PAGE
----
According to the Colombian National Risk Evaluation Report conducted by the UIAF, the highest money laundering threats came from public corruption, drug trafficking, and trade, which are currently prioritized by local authorities in their prosecutions.
Colombia’s Penal Code outlines 66 types of crimes tied to money laundering, including drug and arms trafficking, customs fraud and people smuggling.
The main AML regulations are as follows:
Law 526 of 1999 established Colombia’s Financial Information and Analysis Unit (Unidad de Información y Análisis Financiero or UIAF), which is the country’s key AML watchdog.
Law n. 1121 of 2006, Art. 27—Identification of the customer
Businesses must fully identify the natural and legal entities that enter into a contracted business relationship, as well as the origin of their funds in order to prevent criminal activity.
C.E. 100-005 Art. 5.2, a):
In order to secure the KYC process, the obliged entities need to verify, when possible:
Check out the rest of the laws in Sumsub’s special guide. In this edition, you’ll find Colombia’s legal requirements for customer identification, verification, and due diligence measures for non-face-to-face business relations.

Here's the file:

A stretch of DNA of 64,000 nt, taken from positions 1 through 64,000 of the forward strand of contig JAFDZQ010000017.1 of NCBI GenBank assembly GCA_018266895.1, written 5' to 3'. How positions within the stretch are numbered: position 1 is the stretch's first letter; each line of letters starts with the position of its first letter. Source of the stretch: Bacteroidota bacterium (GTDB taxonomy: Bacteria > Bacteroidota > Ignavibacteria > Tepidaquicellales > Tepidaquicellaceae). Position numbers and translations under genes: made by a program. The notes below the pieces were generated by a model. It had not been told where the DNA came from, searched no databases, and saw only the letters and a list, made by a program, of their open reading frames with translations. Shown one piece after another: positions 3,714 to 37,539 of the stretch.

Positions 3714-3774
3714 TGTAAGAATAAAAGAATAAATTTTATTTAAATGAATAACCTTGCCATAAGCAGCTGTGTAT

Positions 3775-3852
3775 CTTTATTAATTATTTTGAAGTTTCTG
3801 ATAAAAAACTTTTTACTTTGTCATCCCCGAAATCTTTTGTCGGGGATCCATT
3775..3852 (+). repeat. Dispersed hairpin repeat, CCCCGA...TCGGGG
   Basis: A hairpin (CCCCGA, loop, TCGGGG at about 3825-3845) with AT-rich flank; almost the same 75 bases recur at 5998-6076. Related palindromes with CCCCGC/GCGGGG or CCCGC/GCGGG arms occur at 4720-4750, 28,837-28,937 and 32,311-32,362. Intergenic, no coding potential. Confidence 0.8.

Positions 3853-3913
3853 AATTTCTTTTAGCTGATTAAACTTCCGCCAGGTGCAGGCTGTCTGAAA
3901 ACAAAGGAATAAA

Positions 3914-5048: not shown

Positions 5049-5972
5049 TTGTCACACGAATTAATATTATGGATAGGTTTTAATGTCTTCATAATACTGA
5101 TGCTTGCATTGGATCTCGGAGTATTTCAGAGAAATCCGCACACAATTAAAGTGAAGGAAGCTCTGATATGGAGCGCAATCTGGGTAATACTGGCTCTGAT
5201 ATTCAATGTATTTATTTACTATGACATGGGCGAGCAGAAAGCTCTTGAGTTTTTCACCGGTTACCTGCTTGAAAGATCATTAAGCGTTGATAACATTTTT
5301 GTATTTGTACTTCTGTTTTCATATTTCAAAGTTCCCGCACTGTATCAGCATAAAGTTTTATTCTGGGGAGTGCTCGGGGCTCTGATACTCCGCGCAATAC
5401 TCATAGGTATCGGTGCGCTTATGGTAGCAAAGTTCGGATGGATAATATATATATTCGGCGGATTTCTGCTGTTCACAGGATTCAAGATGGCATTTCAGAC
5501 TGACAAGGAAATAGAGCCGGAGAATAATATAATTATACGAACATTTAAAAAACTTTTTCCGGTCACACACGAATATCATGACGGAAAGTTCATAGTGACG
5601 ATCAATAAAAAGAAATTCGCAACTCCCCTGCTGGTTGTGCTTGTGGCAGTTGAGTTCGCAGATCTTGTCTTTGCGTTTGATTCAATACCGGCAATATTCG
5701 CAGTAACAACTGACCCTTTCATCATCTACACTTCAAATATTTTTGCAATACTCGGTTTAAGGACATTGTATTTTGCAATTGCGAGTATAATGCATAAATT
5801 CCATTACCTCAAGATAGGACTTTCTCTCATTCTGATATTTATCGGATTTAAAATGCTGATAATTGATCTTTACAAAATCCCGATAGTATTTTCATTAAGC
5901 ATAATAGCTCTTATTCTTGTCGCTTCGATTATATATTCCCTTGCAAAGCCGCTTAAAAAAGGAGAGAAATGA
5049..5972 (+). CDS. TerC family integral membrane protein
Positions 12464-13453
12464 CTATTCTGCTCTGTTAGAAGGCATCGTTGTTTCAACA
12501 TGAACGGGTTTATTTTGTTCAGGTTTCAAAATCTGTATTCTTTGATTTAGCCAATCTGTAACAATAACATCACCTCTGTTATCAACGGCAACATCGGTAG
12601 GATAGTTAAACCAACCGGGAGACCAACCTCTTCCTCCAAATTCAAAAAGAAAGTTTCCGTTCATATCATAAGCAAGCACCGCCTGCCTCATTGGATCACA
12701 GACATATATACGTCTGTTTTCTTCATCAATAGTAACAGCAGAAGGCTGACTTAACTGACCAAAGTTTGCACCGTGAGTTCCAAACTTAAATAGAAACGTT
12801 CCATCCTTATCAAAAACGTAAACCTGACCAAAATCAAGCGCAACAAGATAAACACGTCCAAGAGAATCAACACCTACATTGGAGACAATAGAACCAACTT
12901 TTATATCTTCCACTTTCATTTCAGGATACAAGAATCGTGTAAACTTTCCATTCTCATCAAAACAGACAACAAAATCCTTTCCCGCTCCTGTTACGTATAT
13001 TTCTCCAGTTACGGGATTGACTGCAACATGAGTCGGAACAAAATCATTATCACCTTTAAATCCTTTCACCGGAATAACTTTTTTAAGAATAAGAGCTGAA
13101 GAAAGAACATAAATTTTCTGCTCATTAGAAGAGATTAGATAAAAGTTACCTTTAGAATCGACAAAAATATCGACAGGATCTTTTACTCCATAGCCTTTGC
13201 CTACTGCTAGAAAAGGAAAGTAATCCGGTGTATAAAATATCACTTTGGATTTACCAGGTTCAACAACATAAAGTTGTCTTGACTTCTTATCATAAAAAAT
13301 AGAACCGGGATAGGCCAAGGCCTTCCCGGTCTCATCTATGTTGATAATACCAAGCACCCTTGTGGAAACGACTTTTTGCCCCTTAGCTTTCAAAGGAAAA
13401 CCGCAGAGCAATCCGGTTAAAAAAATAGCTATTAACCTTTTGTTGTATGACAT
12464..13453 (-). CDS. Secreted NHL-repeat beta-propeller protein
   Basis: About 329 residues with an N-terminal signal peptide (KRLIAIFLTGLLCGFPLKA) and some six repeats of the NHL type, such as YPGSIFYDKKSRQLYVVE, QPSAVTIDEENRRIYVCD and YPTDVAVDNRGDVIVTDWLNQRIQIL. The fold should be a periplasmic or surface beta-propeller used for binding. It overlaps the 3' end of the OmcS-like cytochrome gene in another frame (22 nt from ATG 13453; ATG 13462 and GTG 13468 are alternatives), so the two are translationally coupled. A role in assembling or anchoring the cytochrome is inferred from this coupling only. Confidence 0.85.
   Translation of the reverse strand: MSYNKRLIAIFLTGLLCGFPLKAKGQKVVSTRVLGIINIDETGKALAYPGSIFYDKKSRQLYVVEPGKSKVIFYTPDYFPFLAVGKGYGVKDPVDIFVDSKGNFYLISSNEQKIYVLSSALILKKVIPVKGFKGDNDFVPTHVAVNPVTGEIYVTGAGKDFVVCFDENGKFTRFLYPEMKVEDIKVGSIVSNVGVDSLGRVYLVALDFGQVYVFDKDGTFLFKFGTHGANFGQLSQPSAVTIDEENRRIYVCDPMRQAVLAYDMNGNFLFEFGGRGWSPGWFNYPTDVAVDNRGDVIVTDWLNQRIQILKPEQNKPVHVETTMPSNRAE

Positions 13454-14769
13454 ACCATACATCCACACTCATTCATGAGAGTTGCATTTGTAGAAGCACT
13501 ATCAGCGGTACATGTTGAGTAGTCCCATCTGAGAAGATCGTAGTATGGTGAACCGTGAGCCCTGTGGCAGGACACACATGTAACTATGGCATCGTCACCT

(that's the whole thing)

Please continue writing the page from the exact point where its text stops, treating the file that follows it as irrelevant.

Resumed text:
Cases of money laundering are investigated and prosecuted by the above-mentioned Financial Intelligence Unit of Colombia, which operates under the Ministry of Treasury and Public Credit.
As established by Law 526, the functions of the UIAF are as follows:
According to the IMF, the UIAF has an effective process for prioritizing and analyzing suspicious transaction reports (STRs). However, a few factors negatively impact efficiency:
– poor quality of STRs from certain reporting entities,
– inexperience of certain entities in their reporting activities.
In April 2019, Jorge Castaño Gutiérrez, superintendent of the Financial Superintendency of Colombia (SFC), announced that Colombia’s anti-money laundering regulations were being updated to allow more technology to be used for “Know Your Customer” (KYC) and “Customer Due Diligence” (CDD) processes.
As Gutiérrez advised, Colombia was making changes to its risk management system for money laundering and terrorism financing (known as SARLAFT), and KYC/CDD is a key area of interest.
The new rule should allow for the use of more technology in financial institutions’ AML programs, which should help facilitate document verification and due diligence processes, while complying with the criteria set out by the FATF on KYC/CDD programs.
By moving to digital platforms, financial institutions are implementing digital solutions that simplify customer identification and enable creating centralized databases. These technologies also enable more secure reporting and enhance transaction monitoring.
For companies with multiple branches, KYC/CDD technology can lower costs and help maintain a standardized risk management framework, enhancing monitoring and AML processes.
Providers of the above-mentioned services (financial institutions, gambling and betting operators, notaries, etc.) have to perform Customer Due Diligence (CDD) for their customers and counterparts.
In any case, the business must obtain adequate knowledge of their clients, including: